We’ve rounded up some of our top tips on cover letters to lay it out for you in one easy-to-follow guide.Our infographic shares a structure for you to follow, the content you need to share, and some helpful tips on style and formatting.Nowadays, learning to write shorter, tighter cover letters can mean the difference between getting an interview — or ending up in the reject pile.
Last year, I attended a training from Career Thought Leaders Consortium on e-notes and modern cover letters that had some great tips.
We learned that, compared to a standard cover letter, e-notes have shorter 2-3 line paragraphs and a bulleted presentation style.
The first time I ever learned about the concept of a cover letter, I distinctly remember how it was explained to me: “It’s like your resume, but longer.” The reason that moment sticks out to me so much? Yes, your cover letter should include some of the key skills, traits, and experience highlighted in your resume.
But copying and pasting from there into your cover letter will most definitely turn recruiters off.
Odds are they’ve already read your resume — why would you make them waste their time reading the same thing over again?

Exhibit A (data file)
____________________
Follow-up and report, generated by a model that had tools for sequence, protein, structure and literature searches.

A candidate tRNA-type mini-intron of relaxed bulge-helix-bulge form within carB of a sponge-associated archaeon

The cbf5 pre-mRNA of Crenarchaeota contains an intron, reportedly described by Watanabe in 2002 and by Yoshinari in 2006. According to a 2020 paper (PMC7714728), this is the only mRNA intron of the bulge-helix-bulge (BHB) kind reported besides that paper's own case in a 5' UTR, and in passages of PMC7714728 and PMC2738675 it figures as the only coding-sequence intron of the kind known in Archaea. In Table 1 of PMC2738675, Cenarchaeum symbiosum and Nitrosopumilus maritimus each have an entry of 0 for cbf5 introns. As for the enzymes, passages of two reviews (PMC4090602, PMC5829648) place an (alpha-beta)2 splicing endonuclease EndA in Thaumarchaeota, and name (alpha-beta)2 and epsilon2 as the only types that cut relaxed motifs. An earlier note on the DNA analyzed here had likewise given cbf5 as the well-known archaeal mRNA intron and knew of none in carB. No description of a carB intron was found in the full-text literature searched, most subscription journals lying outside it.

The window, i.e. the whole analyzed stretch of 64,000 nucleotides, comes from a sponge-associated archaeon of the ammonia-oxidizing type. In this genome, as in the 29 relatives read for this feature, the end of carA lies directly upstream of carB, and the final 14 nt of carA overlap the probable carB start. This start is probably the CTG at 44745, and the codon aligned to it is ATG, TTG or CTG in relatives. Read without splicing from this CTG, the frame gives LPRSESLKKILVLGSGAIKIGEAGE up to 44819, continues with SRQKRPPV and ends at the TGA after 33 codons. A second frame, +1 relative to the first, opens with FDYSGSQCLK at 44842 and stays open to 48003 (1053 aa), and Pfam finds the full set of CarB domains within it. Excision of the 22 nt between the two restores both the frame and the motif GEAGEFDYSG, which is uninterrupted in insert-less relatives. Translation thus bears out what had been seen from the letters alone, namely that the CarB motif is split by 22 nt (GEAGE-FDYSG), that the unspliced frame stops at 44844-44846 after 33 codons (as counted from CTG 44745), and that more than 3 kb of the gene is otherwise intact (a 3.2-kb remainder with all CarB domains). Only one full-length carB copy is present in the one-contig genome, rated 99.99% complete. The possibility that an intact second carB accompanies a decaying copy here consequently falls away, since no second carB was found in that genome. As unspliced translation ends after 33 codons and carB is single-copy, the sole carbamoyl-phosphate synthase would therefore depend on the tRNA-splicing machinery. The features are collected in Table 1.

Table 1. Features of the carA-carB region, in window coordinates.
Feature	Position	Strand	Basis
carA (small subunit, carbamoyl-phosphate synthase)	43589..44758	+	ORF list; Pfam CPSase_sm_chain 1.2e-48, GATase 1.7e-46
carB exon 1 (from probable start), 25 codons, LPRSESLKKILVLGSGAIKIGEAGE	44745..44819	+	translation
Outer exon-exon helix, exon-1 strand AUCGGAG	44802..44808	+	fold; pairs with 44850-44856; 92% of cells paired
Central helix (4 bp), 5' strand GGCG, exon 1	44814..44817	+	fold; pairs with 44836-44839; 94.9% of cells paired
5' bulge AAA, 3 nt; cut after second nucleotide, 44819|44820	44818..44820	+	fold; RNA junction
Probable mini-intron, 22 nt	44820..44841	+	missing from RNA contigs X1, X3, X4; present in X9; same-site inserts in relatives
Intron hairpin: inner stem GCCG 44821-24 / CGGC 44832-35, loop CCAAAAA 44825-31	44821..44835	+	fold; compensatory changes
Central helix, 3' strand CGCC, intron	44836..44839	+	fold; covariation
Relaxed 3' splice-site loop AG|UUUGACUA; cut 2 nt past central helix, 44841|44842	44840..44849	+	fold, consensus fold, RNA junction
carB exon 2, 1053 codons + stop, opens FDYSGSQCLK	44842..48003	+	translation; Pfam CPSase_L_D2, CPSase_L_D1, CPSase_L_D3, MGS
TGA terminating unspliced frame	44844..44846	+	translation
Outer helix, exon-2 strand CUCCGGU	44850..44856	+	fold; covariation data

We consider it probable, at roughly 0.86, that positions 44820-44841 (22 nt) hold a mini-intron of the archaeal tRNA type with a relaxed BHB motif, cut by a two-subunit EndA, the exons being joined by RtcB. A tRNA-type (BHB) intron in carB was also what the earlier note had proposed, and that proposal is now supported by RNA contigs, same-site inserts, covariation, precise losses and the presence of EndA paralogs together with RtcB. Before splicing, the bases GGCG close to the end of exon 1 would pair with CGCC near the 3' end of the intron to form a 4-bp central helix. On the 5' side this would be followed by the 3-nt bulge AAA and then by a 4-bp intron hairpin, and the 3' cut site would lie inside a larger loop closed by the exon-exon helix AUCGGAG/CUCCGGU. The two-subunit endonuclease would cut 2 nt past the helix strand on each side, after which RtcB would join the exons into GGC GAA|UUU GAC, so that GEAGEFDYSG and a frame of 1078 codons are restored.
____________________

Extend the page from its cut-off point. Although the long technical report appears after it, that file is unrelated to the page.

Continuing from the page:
Cover letters are your opportunity to not only show that you have the background and knowledge needed to do the job well, but that you’re also passionate, charismatic, and well-informed. With so much information to convey, where do you get started?This means that you may indent your paragraphs or not—but not indenting gives a bit more room.Leave wide margins (minimum 1 inch) and use a clean, simple font like Arial or Times New Roman.Other features—with examples—of an effective e-cover letter are: Include the job title and a branding statement here.In the first one or two sentences, concisely spell out the obvious reason why you are writing.I am hardworking and analytical and I like taking initiative.In the past year I have accomplished a lot: I've always believed in the quality of your jams and have enjoyed them since I was seven years old.Unless you’re submitting your résumé and cover letter on a job submission website, chances are the employer has asked that you email your application directly.In that case, you can either attach your cover letter as a PDF to the email as you would your résumé, or you can include your cover letter in the body of the email.(Don’t make a hiring manager guess which position you’re applying for if it is a listed position, or which one you’re interested in if it is an exploratory letter.) Start the letter off strong by giving a solid example or metric that illustrates how your past accomplishments will be an asset to the employer in the future.Remember, you only have a few seconds to capture the hiring manager’s attention!